Using ChatGPT as a Teaching Tool

You’ve heard about it. You may have read about it. It’s been all over the news. ChatGPT, the text generating Artificial intelligence, is being both lauded and feared as the Next Big Thing. How much of an impact it will have on various jobs, industries and markets is still up for debate, and teaching has not escaped the discussion. Some have said that the AI is capable of replacing teachers, at least eventually. It’s far to early to say (though, personally, I am far from worried). One thing is for certain, though, AIs like ChatGPT open up some interesting possibilities and opportunities, including in the classroom. In fact, ChatGPT can be used as a fascinating teaching tool, particularly with more advanced students.

Now, I’m not going to get into exactly what ChatGPT is or how it works. Far too many people have written about exactly that and so a quick Google search will tell you all you need to know (or, you could even ask ChatGPT itself what it is and how it works). I’m just going to assume you know the basics and dive into how ChatGPT can be used as a teaching tool.

Use ChatGPT to teach Prompt Engineering

So, one thing to remember is that ChatGPT is text-based and works primarily via prompts. These prompts are essentially questions or commands you feed our buddy ChatGPT and it responds with…well, whatever it thinks you want based on your prompt. This alone can be used as a teaching device. Give students a goal and have them craft a prompt for ChatGPT. This will test their grammar, syntax and spelling, but will also require that they write clearly and concisely. There’s also the fact that prompt engineering has already been highlighted as a potential future skill many workers will be required to have.

The goal you give them will depend largely on your students’ abilities, but it can be as simple as getting ChatGPT to produce a note or letter based on a specific situation you have presented (my own students even came up with their own situation: telling their mother that their father had died—kids can be weird and dark). It can also be far more complex, such as having them prompt ChatGPT to produce a short story that includes well-defined elements, such as a specific point of view, tense, setting and characters.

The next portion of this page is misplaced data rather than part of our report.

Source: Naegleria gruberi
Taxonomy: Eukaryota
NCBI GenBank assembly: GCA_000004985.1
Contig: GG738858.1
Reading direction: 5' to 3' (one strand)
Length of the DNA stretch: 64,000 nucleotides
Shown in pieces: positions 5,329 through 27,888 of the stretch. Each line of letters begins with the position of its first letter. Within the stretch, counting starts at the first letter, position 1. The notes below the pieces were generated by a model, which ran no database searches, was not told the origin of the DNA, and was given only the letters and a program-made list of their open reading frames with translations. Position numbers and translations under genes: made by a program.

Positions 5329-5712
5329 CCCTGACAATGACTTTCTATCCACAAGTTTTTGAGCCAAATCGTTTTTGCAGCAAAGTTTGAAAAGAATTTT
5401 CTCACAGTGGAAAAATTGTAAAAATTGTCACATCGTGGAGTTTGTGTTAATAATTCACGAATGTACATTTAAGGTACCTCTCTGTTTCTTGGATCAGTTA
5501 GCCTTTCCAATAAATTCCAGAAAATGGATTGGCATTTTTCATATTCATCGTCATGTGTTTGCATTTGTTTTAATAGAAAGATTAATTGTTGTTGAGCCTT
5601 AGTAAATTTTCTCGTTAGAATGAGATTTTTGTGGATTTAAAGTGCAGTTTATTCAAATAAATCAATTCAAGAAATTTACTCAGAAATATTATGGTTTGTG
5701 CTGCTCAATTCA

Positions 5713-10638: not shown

The best way is to give them a few examples of good and bad prompts and the results these generated ahead of time. Have the students read through both the prompts and the generated content then discuss how the lesser prompts were lacking. Once students have produced their own prompts, test them out live.

Note that this would likely be best done as group work, since testing twenty prompts would be entirely impossible while testing four or five would be more manageable. Keep in mind, however, that even four or five may be beyond the site’s current capacities as it tends to routinely get overwhelmed with traffic. Be sure to have a backup activity in case access to ChatGPT is slow or impossible at that moment.

Have students critique ChatGPT’s work

One of my advanced English classes here in Abidjan had been reading To Kill a Mockingbird. As a way to examine voice in literature, I had them write a scene from the book from the perspective of Boo Radley (this was a scene taking place within the first eight chapters, and so before we get a true sense of Boo’s character or voice). Before having them present some of their work, I showed these eighth-graders two examples of the exercise without telling them anything about the authors. One I had written myself, heavy on personality through diction and even a few well-placed grammatical errors, while the other had been generated by ChatGPT.

Here they are, with mine first:

Yesterday I seen ‘em kids again. The two boys and the gal who looks like a boy but she’s a gal. I seen ‘em at my tree. They look inside the tree, inside the hole in the tree where I put ‘em gifts. I wanted to see ‘em find ‘em gifts. I wanted to see how they like ‘em. They looked real happy. I was happy too. I gave ‘em many of ‘em gifts. Little treasures. My treasures. But ‘em kids’ treasures now.

Yesterday I left ‘em kids my time piece treasure. I liked the ticking sound my time piece treasure did. It help me sleep in the nighttime. I don’t like the nighttime. Nothing to see and watch in nighttime. Only myself in nighttime. But my time piece treasure it help. Now it’s gone. Now it’s ‘em kids’ time piece treasure. That’s okay. It makes me a bit sad at nighttime. But that’s okay. ‘Em kids will be happy. ‘Em kids will sleep well now. They have my time piece treasure. They have each of ‘emselves. And I have ‘em. My friends.

I, Boo Radley, watched from my hiding place as Scout, Jem, and Dill approached the old oak tree. I have grown used to their daily adventures, always playing detective and solving mysteries. This day was no different, as they were on the hunt for a pocket watch that Dill claimed was hidden in the knothole of the tree.